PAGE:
Echinococcosis Or Hydatid Cyst Essay

1292 words - 5 pages

Echinococcosis or Hydatid cyst is a parasitic disease caused by an infection of tiny tapeworms (Image 1). This infection can be naturally transmitted between humans and other animals. It can be transmitted by digesting feces, contaminated meat or other products. It is considered one of the most significant groups of communicable diseases. There are three different types of echinococcosis which can affect both human and animals; but only two are most commonly seen in humans and animals. The two are cystic echinococcosis and alveolar echinococcosis. In this essay I am going to explain more about the Echinococcus in general, the two different types of echinococcosis, the symptoms they create, and how they each affect the body differently.
In order for you to understand how Echinococcus works. You have to understand how it is transmitted into your system and begins infecting you. Echinococcus goes through several different steps on how it is developed and then transmitted to other hosts. The adult echinococcus tapeworm is about 5 mm long and lives in the small intestines of dogs and another canine species such as coyotes, wolves and foxes. The stage where a cyst begins usually occurs in intermediate hosts; typically sheep’s but they can also affect cattle’s, horses, camels, pigs and goats and many others. Tapeworm eggs are passed by the feces of infected dogs and then are digested by grazing sheep’s. These eggs then hatch into the embryos within the intestines, and then penetrate the intestines to be carried by the blood to major organs such as the liver and lungs. This larval stage of the parasite is called an oncosphere. The larval stage spreads by the bloodstream to target organs and other parts of the body, such as liver, lungs, brain and muscles. When they developed by expansion into a Hydatid or echinococcal cyst also called a metacestode. Within the larval echinococcal cysts, protosolices (multiple tiny tapeworm heads) are produce by asexual reproduction. To finalize the cycle, these are then ingested by dogs feeding on the infected intermediate host, and in about 6 weeks later, adult egg-producing tapeworms begin to develop in the dog’s intestines (Image 2) (Draper, 2014).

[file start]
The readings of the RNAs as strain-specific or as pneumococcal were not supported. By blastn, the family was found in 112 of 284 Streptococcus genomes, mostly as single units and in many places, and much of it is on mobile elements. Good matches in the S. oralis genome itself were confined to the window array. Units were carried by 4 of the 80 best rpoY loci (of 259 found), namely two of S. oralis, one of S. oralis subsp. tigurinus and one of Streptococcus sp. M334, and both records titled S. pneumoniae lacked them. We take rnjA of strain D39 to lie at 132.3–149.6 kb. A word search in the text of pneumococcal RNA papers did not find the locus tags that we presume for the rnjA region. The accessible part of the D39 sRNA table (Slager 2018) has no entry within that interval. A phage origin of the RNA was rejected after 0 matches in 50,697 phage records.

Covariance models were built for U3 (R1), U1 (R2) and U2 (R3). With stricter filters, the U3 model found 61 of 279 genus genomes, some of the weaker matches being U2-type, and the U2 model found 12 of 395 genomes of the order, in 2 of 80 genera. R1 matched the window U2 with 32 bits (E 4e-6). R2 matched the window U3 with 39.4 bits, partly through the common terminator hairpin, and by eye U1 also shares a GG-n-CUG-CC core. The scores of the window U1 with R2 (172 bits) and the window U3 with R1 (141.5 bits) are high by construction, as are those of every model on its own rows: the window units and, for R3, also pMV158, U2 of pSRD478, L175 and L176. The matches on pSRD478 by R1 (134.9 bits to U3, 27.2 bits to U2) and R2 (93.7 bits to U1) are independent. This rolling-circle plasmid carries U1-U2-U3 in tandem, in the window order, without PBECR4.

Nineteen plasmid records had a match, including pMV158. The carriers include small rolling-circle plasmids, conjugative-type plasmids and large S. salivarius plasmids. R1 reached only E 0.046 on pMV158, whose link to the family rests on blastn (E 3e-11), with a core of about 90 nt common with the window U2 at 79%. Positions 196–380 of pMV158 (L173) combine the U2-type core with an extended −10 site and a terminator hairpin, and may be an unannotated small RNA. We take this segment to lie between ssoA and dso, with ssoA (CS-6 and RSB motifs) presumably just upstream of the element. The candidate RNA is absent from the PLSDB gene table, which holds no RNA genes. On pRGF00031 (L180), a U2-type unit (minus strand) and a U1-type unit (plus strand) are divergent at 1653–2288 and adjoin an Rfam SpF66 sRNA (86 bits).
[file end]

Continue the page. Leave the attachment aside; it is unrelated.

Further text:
Echinococcal cyst (E. granulosus), is a fully developed metacestode, it is usually unilocular, subspherical in shape; fluid filled and has the least complex structure. The development of the cyst is slow in variable and dependent on a number of factors; the strain of parasite, the species, and the strain of host, and the intensity of the infection. They can increase in diameter by 1 to 5 cm a year, whereas brood capsule formation may occur and varies from a few months to years; or it may not occur in humans or other abnormal hosts. The production of brood capsules and protoscoleces is not related to the size of the cyst but depends on the nature of the relationship between the host and parasite. A cyst that is developed from brood capsules and protoscoleces is referred to...

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